Crick-in-the-neck peach pie

I loves me some pie.


I sit at a desk for most of my work day, hunched over, with my head extended unnaturally from my body. That’s a helluva lotta hours to be positioned in such an non-ergonomic way. As a result, my neck, shoulders and back get mighty tight. Try as I may, I constantly forget to push my shoulders back and do some stretches. This has resulted in an impressive plethora of big, tight, rigid knots throughout my upper body.

It never bothered me before, as I’ve been working like this for years now and my posture is worse than Quasimoto’s (but better than Kristin Stewart’s) but lately, I’ve been plagued by almost-constant aches and pains. To remedy this, the Husband and I went to a Chinese massage complex last Saturday afternoon. You read right – not a massage parlour but a massage complex. It’s in a strip mall in Richmond and the space itself is simply a row of rooms filled with masseuses from mainland China torturing their customers.

There’s no soothing music, no trickling water fountains, no scented massage oil, no soft, comforting hands gently rubbing your muscles as you’re lulled into sleep.

This is hardcore. It’s massage on steroids.

My lady had hands of steel, akin to vices with merciless, undulating grips. She was small and wiry, often perched on the edge of the massage table like a bird of prey, her entire body suspended over me as she kneaded – nee – pulverized my troublesome knots. Her elbows and forearms were utilized a good 90% of the time for maximum efficacy and pain-induction.

Good crunches: eating potato chips, cracking crab claws with my freakishly strong teeth, biting into corn on the cob

Bad crunches: the sound of my massage on Saturday – my knots were crunching the entire hour I was at this den of distress with my mistress of misery.

It hurt so bad.

See the rubber ball gags in Chief Wiggum and Snake’s mouths?

From the hilarious Simpson’s episode “22 Stories About Springfield” where they parodied Pulp Fiction.


I needed one of those simply to stifle the screams that were slowly inching their way out of my throat.

As I emerged from the complex, eyes squinting and blinking in the harsh sunlight, I clearly needed something to blunt the memory of my ordeal.

It’s summer time. What says summer more than juicy, sweet, fuzzy peaches? It’s pie time.

I’ve only ever made pie twice in my life. Once was a dismal failure with apple pie over a decade ago. The other was a blueberry pie that turned out pretty good. Both times I used pre-made pie dough. This time, I was determined to make it myself.

I used Mark Bittman’s recipes from How to Cook Everything. His pie dough called for the use of a food processor. I only have a tiny one cup processor so that wasn’t going to work. I’m doing this old school – by hand!

Two-crust Pie dough (from my 1998 edition of Mark Bittman’s “How to Cook Everything“)

2 1/4 cup flour
1 teaspoon salt
2 teaspoons sugar
16 tablespoons (2 sticks) cold unsalted butter, cut into 16 small pieces
6 tablespoons ice water

Combine the flour, salt and sugar in a bowl. Add the cold cut butter. I used a pastry blender to cut the butter into the flour until the mixture looked like cornmeal.

Sprinkle the 6 tablespoons of water over the mixture and blend it together with a wooden spoon or rubber spatula. Add a bit more water if it’s too dry.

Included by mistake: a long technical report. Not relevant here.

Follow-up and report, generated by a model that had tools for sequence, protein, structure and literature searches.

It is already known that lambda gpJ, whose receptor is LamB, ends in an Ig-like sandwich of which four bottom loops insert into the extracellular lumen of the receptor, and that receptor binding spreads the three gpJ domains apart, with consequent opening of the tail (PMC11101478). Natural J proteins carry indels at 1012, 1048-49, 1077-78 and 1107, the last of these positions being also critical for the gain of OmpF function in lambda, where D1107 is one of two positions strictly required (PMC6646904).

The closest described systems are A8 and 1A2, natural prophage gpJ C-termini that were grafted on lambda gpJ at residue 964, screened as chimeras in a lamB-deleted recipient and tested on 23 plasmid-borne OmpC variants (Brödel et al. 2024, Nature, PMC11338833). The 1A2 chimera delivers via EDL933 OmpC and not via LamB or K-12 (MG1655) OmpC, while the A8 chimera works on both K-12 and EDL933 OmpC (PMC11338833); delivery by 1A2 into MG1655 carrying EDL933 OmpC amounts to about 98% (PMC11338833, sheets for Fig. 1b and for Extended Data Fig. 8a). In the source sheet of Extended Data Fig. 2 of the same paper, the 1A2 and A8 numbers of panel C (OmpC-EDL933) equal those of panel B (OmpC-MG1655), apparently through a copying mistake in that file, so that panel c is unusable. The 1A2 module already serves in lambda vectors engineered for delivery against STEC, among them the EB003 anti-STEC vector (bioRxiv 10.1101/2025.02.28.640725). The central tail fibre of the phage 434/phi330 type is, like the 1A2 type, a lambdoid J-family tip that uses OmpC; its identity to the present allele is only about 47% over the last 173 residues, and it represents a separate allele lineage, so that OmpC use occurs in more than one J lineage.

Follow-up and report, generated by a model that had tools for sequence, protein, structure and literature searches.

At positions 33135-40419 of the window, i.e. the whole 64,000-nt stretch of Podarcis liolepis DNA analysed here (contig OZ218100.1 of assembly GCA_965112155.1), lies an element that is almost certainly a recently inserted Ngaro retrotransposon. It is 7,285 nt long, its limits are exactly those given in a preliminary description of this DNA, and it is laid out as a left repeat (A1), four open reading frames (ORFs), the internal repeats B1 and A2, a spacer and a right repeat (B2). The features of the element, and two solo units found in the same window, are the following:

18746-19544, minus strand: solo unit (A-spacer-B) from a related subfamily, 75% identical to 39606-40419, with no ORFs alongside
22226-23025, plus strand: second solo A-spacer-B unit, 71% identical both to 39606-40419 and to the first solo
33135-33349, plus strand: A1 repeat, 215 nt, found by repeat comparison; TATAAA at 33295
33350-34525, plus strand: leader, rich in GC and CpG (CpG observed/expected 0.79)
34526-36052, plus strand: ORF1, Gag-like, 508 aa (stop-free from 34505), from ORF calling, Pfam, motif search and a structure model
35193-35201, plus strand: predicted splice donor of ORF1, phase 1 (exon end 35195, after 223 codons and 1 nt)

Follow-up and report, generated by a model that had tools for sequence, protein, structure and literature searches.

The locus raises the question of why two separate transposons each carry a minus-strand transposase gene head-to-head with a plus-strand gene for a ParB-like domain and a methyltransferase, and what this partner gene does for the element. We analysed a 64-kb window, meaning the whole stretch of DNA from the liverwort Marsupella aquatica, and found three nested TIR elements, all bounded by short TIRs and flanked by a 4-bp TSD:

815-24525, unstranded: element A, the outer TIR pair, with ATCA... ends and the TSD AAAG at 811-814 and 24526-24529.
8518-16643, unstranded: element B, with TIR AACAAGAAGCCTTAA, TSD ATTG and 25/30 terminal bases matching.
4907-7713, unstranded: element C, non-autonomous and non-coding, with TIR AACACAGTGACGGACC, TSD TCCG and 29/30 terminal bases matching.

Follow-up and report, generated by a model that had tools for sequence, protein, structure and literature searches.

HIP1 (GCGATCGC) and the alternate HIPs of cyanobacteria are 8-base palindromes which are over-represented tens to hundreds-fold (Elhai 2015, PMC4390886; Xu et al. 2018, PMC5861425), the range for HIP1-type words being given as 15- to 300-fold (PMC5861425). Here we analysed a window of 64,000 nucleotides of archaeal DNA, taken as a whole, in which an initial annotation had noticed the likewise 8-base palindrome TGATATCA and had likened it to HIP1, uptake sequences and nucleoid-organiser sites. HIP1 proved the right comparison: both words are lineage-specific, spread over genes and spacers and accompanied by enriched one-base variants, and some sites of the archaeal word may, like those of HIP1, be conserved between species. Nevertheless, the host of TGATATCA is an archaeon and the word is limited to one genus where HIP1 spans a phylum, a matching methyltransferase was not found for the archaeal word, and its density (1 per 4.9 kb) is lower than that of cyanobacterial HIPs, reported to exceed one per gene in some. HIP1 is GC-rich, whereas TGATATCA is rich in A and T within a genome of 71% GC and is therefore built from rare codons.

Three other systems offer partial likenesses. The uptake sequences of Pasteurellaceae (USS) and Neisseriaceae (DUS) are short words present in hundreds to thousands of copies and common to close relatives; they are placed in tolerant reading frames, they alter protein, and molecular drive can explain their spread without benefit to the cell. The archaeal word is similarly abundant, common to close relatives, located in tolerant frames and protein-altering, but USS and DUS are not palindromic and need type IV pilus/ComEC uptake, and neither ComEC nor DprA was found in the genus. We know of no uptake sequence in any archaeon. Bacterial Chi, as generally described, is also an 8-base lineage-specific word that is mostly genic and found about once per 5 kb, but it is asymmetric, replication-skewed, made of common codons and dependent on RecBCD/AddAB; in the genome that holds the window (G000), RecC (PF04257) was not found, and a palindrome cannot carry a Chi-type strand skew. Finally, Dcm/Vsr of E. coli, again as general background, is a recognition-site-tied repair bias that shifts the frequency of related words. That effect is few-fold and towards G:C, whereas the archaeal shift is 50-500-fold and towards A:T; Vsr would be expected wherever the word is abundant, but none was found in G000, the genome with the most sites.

Shape the mixture into a ball with your hands. Flatten it into two discs, wrap them in plastic wrap and put them into the fridge for 30 minutes (or the freezer for 10 minutes).

The dough came together easily enough – I was impressed it looked like how I imagined it should. Then I started messing up.

Mistake number 1 – I didn’t shape 2 discs of dough for the bottom and upper layers of the pie. Instead, I made one big disc which screwed me over when I tried to create two rounds of dough from it. I cut it in half to make two pieces and because they weren’t round, it didn’t make a circular crust. My first attempt at trying to shape it into a circle with my hand warmed the dough too much and it was too soft to use. I had to smush it back into a ball and put it in the freezer. I smartened up with the second piece – I rough handled it into some semblance of a ball and rolled it out. Not perfect but it’ll have to do.

To pre-bake the bottom layer, preheat the oven to 425 degrees F. Place the dough into a pie plate. At this point you should prick the dough all over with a fork – mistake number 2: I didn’t prick the dough all over with a fork. Arrrgghhhh. Crimp the edges of the pie or press it down with the tines of a fork to make it look pretty – mistake number 3: my pie dough wasn’t large enough to go all the way up and over the sides of the pie plate therefore I didn’t make the edges pretty. Arrrrgghhhh.

Take a large piece of foil and fold it over. It should be big enough to cover the entire crust after it’s been folded. Smear one side of the foil with butter and place it butter-side down over the pie crust. Fill the foil with dried beans, rice or pie weights. Bake it for 12 minutes. Remove it from the oven, reduce the heat to 375 degrees F and carefully remove the foil with the weights. Bake another 10 to 15 minutes or until the crust is a beautiful shade of brown. Remove the pan and cool on a rack.


Because I didn’t prick the pie crust, it was puffing up in the oven. It also shrank so that the pie crust only went up the side of the pie plate 3/4 of the way. I freaked out a bit and pulled it out of the oven before the completion of the baking time. Oh well – that can’t hurt, can it?

Peach Pie Filling (adapted from Mark Bittman’s “How to Cook Everything”)

2 pounds or 6-10 peaches depending on their size
1 tablespoon freshly squeezed lemon juice
1/2 cup sugar (you can add or subtract depending on the sweetness of your peaches) and extra for sprinkling on the pie crust
1/4 teaspoon ground cinnamon
1/8 teaspoon nutmeg
1/4 teaspoon ground ginger
1 1/2 tablespoons cornstarch (or 2 tablespoons instant tapioca)